Police dangers increasing
Last week's senseless shooting of Phoenix police Officer Nick Erfle is a horrific tragedy for his family, his department and his community. Sadly, Erfle's death is not an anomaly but rather part of an alarming national trend: 2007 is proving to be one of the most deadly years for law enforcement in the past three decades.
According to preliminary data from the National Law Enforcement Officers Memorial Fund, Erfle's was the 135th law-enforcement officer fatality this year. That compares with 97 officer deaths at this time last year, an increase of nearly 40 percent.
There has been only one other year in the past 30 when law-enforcement fatalities were higher. That was 2001, when 237 officers died, including 72 during the terrorist attacks of 9/11.
Especially troubling this year is the dramatic spike in fatal shootings of officers. They have increased almost 65 4 percent this year compared with the same period last year (56 in 2007, 34 in 2006). Unfortunately, police departments in the Valley have experienced this national trend firsthand.
Phoenix police Officer George Cortez Jr. was shot multiple times in August while investigating a forged-check complaint. In February, Officer Anthony Holly of the Glendale Police Department was slain during a traffic stop. And Erfle was gunned down after running a name check on a jaywalking suspect.
In all three instances, officers were performing seemingly routine activities. And in each case, armed offenders simply opened fire, further illustrating just how unpredictable and dangerous police work can be.
So what is behind the spike in officer shootings? And what can be done to prevent them in the future? Unfortunately, there are no easy answers. Improved safety equipment, especially the development of protective body armor, better training and improved emergency medical care have all contributed to a dramatic decline in firearms-related fatalities among law officers since the 1970s. That is what makes the 2007 rise in officer deaths all the more puzzling.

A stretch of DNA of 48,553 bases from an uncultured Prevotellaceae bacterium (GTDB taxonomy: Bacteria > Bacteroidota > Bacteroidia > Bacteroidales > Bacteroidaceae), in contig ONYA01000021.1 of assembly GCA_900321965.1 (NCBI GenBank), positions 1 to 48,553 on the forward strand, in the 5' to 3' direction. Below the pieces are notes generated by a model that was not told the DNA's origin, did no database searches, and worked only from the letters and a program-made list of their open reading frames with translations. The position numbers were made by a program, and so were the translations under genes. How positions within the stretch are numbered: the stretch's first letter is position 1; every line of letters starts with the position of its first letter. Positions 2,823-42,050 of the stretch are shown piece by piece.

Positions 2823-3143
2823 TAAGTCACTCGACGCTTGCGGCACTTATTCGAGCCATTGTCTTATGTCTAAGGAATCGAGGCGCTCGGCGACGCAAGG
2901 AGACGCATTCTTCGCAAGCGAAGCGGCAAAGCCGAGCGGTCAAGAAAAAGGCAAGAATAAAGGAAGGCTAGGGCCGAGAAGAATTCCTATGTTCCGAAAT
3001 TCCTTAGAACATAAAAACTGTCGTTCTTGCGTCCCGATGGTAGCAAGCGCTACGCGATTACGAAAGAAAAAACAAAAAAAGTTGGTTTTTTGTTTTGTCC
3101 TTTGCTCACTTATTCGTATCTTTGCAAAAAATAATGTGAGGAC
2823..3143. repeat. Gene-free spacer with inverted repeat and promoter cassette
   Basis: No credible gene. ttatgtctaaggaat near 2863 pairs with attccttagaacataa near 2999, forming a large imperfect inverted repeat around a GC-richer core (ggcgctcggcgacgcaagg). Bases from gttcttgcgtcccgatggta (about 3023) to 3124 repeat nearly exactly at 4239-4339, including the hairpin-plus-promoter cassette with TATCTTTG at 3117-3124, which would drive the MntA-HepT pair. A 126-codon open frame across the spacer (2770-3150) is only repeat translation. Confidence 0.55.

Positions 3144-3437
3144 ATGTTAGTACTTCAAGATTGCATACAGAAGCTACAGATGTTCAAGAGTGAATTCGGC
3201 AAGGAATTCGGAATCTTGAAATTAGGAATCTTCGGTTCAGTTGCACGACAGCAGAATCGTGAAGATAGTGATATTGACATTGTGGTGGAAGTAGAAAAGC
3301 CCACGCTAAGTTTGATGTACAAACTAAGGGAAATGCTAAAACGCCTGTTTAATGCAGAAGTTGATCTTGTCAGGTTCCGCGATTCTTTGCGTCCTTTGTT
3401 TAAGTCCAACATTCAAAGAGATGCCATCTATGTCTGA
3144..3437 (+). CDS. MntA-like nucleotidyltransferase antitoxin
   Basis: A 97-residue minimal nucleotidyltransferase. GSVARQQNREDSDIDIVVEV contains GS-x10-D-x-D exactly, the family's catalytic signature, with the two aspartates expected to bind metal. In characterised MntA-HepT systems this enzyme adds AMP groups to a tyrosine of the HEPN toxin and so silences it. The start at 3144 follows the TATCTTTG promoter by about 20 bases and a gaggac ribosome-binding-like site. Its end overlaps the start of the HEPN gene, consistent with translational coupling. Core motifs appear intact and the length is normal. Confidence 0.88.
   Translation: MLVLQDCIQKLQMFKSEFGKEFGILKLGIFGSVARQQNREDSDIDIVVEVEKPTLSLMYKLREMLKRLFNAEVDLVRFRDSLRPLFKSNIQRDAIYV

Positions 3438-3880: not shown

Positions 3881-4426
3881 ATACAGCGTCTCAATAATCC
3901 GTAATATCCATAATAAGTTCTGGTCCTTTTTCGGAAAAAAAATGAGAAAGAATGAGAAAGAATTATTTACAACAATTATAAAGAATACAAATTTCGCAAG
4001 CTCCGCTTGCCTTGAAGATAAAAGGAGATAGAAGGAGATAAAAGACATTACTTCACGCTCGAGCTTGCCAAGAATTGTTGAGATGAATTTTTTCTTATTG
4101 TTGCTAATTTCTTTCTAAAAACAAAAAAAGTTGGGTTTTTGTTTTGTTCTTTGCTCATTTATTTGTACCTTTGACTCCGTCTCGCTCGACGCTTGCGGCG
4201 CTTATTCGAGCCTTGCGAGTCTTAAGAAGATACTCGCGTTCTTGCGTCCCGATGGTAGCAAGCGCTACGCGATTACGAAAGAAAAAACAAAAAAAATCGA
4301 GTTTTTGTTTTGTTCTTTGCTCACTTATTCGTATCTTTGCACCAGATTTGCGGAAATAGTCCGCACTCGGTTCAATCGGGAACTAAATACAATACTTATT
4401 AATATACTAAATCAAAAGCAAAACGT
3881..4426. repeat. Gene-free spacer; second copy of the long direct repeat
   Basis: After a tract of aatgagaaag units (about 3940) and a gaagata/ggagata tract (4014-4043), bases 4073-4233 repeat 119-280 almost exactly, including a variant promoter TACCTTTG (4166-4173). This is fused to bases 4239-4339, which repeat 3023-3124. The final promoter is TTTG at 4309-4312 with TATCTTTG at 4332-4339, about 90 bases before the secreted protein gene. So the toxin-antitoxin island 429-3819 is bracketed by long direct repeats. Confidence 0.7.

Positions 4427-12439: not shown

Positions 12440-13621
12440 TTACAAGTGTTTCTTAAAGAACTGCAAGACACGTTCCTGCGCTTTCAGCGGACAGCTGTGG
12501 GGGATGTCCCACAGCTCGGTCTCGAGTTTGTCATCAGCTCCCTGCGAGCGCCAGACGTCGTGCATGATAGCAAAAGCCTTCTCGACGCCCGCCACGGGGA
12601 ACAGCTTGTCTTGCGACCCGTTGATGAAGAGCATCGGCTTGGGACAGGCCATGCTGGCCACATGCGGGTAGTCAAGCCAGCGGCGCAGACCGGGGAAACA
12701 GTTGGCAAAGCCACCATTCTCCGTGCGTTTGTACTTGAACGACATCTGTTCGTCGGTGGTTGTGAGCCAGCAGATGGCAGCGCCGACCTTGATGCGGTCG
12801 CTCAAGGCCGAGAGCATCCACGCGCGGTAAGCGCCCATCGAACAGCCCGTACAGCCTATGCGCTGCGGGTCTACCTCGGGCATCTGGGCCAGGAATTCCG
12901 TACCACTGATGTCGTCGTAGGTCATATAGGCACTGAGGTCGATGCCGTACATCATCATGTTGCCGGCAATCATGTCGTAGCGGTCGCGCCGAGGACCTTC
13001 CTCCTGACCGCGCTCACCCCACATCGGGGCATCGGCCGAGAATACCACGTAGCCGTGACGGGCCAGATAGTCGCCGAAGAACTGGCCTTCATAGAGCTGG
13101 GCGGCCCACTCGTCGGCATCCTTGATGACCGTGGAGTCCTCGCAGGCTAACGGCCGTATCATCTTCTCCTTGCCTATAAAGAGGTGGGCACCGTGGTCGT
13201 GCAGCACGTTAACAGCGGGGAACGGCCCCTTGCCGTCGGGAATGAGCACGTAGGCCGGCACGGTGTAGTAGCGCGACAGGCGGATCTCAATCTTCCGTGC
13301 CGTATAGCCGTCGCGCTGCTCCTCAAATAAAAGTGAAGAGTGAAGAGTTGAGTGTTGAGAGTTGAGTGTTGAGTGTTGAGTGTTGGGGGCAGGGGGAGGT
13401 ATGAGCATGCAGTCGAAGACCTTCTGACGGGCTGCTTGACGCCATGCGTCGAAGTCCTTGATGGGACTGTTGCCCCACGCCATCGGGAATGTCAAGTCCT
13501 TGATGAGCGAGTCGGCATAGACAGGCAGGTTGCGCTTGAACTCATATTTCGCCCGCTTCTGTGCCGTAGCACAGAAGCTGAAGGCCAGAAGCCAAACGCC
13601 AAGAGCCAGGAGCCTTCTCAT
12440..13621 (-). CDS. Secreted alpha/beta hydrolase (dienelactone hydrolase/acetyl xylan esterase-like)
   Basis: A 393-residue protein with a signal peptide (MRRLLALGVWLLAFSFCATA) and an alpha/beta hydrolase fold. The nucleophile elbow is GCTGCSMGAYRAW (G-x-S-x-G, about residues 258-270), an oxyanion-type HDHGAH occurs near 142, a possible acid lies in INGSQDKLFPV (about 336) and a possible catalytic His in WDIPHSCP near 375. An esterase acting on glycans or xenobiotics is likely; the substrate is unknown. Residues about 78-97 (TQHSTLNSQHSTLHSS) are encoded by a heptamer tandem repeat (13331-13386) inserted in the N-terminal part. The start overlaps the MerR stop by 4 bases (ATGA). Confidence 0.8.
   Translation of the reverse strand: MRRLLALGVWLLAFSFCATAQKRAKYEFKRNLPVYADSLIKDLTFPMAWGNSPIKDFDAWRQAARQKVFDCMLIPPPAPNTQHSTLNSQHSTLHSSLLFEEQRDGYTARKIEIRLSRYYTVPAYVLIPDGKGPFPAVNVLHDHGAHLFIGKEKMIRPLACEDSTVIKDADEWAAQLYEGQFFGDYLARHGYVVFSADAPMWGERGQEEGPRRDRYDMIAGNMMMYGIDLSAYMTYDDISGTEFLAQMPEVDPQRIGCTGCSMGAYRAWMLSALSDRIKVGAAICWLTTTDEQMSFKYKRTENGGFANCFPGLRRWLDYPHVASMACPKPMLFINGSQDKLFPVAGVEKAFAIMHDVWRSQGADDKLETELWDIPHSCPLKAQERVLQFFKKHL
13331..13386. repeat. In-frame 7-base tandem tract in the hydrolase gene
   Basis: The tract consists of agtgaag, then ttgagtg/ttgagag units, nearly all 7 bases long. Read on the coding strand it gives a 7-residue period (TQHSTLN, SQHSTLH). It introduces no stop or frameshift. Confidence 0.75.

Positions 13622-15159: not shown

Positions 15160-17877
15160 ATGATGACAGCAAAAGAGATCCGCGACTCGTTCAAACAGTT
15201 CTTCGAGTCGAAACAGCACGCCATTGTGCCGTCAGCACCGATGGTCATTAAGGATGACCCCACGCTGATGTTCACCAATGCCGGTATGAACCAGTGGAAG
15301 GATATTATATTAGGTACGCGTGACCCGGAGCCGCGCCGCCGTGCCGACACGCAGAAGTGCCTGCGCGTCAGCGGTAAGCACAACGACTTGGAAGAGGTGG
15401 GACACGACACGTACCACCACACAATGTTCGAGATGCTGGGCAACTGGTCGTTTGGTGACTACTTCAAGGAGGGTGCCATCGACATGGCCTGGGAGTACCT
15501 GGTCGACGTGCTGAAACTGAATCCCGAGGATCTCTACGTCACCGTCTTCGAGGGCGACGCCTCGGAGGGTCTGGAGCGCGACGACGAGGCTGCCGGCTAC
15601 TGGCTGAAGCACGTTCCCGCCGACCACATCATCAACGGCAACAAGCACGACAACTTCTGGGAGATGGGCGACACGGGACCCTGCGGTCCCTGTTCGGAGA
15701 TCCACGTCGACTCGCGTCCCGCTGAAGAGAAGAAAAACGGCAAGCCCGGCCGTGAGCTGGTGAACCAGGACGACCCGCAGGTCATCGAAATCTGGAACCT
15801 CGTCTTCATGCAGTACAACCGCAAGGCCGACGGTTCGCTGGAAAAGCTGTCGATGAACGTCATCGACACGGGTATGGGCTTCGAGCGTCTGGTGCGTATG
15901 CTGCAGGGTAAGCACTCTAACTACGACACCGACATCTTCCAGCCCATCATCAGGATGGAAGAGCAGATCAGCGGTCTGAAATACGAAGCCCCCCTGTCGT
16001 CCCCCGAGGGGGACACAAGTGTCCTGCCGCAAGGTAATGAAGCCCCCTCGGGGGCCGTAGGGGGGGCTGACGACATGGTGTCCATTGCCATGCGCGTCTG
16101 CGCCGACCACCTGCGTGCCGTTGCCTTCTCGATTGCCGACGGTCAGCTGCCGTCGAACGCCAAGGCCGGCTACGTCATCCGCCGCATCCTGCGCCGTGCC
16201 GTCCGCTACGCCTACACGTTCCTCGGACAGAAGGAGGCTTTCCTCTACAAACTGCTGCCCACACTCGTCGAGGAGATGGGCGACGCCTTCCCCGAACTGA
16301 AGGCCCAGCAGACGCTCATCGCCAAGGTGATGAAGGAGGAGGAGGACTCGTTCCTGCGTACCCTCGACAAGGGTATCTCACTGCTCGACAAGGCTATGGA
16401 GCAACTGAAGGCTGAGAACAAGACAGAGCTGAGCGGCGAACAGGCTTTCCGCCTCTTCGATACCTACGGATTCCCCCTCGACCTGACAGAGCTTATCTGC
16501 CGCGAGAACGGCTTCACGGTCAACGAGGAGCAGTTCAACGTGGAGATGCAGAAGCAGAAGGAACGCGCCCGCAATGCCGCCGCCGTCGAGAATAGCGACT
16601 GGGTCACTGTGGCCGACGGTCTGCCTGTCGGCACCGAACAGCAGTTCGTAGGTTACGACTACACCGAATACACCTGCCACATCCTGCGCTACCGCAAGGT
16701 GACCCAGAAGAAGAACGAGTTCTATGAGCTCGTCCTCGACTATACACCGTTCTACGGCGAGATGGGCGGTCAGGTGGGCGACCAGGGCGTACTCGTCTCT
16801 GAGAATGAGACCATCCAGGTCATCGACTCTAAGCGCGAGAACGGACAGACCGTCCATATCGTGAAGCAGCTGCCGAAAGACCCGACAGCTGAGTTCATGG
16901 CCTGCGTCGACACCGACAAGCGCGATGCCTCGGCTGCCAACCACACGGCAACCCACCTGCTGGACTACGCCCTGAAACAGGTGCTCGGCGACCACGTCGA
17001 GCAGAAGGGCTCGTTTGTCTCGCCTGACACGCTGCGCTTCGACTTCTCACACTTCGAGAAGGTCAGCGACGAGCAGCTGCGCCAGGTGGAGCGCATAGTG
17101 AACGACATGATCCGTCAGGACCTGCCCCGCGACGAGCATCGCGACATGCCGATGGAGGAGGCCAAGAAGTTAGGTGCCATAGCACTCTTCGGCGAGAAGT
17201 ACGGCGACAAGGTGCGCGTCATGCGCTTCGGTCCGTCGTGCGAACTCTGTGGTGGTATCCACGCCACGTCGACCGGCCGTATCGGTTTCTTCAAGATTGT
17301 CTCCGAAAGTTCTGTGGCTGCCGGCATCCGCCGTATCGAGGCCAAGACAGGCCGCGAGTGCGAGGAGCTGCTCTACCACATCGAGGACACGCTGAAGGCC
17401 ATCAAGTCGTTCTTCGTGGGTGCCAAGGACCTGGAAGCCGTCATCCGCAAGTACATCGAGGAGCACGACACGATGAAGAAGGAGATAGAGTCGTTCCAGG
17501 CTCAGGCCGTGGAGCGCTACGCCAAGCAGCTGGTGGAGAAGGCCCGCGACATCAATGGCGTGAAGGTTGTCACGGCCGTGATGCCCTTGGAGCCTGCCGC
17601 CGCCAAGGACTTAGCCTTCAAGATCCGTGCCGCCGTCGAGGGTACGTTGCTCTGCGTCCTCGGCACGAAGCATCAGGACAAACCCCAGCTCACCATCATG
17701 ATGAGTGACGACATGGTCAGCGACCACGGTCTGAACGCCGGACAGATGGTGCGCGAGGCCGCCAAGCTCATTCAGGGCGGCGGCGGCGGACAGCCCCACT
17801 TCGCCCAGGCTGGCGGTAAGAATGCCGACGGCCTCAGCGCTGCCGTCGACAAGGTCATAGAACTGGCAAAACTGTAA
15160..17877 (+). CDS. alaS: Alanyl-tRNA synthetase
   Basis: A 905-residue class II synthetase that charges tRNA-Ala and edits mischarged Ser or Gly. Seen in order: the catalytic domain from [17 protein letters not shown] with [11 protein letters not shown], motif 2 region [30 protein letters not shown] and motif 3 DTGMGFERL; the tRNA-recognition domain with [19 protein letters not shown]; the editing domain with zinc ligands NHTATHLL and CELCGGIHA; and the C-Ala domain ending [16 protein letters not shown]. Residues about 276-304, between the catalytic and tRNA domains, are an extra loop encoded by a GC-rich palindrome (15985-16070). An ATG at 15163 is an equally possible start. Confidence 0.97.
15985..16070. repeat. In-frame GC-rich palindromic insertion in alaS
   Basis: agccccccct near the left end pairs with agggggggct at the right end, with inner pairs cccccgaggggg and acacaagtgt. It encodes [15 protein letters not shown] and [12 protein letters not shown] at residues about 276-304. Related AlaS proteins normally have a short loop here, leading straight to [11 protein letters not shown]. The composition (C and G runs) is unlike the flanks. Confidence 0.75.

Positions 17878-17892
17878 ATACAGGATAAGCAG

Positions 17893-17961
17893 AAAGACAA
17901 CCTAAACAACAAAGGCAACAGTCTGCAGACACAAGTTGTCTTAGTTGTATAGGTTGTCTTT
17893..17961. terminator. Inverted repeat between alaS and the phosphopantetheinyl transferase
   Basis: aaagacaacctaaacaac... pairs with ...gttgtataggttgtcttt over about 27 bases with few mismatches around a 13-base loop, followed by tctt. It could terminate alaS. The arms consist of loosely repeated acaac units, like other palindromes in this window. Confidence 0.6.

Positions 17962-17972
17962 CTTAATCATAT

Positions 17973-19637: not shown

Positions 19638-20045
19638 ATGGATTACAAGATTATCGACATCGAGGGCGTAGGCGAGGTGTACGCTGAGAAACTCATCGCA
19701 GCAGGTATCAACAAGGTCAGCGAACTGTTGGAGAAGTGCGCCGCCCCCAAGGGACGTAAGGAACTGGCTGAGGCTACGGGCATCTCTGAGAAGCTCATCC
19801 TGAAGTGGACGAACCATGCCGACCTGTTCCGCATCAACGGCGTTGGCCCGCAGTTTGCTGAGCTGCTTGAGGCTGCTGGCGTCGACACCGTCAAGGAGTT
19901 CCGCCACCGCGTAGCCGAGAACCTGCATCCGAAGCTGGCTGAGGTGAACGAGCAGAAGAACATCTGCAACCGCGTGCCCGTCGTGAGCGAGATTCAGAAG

One thing is certain, though. The best equipment, training and medical care in the world will not provide total protection for our officers. Law enforcement is a very dangerous profession, and every assignment is potentially life-threatening.
Making matters worse is a cold-blooded criminal element with no regard for human life. Just consider that six of the cop killers in 2007 killed more than one officer in their vicious attacks, and, as shocking as it may seem, 40 of the cop killers over the past decade were under age 18.
Ever since 9/11, officers across our country have been called upon not only to continue fighting conventional crime in their communities but also to serve as the front line in the war on terrorism here at home. These increasing demands on law enforcement have not always been matched with a comparable increase in resources. Policymakers at all levels of government need to ensure that the needs of our law-enforcement officers are being met so they can effectively and safely serve us.
Amazingly, though, despite the dangers of the job and the mounting challenges they must face, more than 800,000 sworn law-enforcement officers across our nation put their lives at risk each and every day to keep America safe.
We owe them all our eternal gratitude.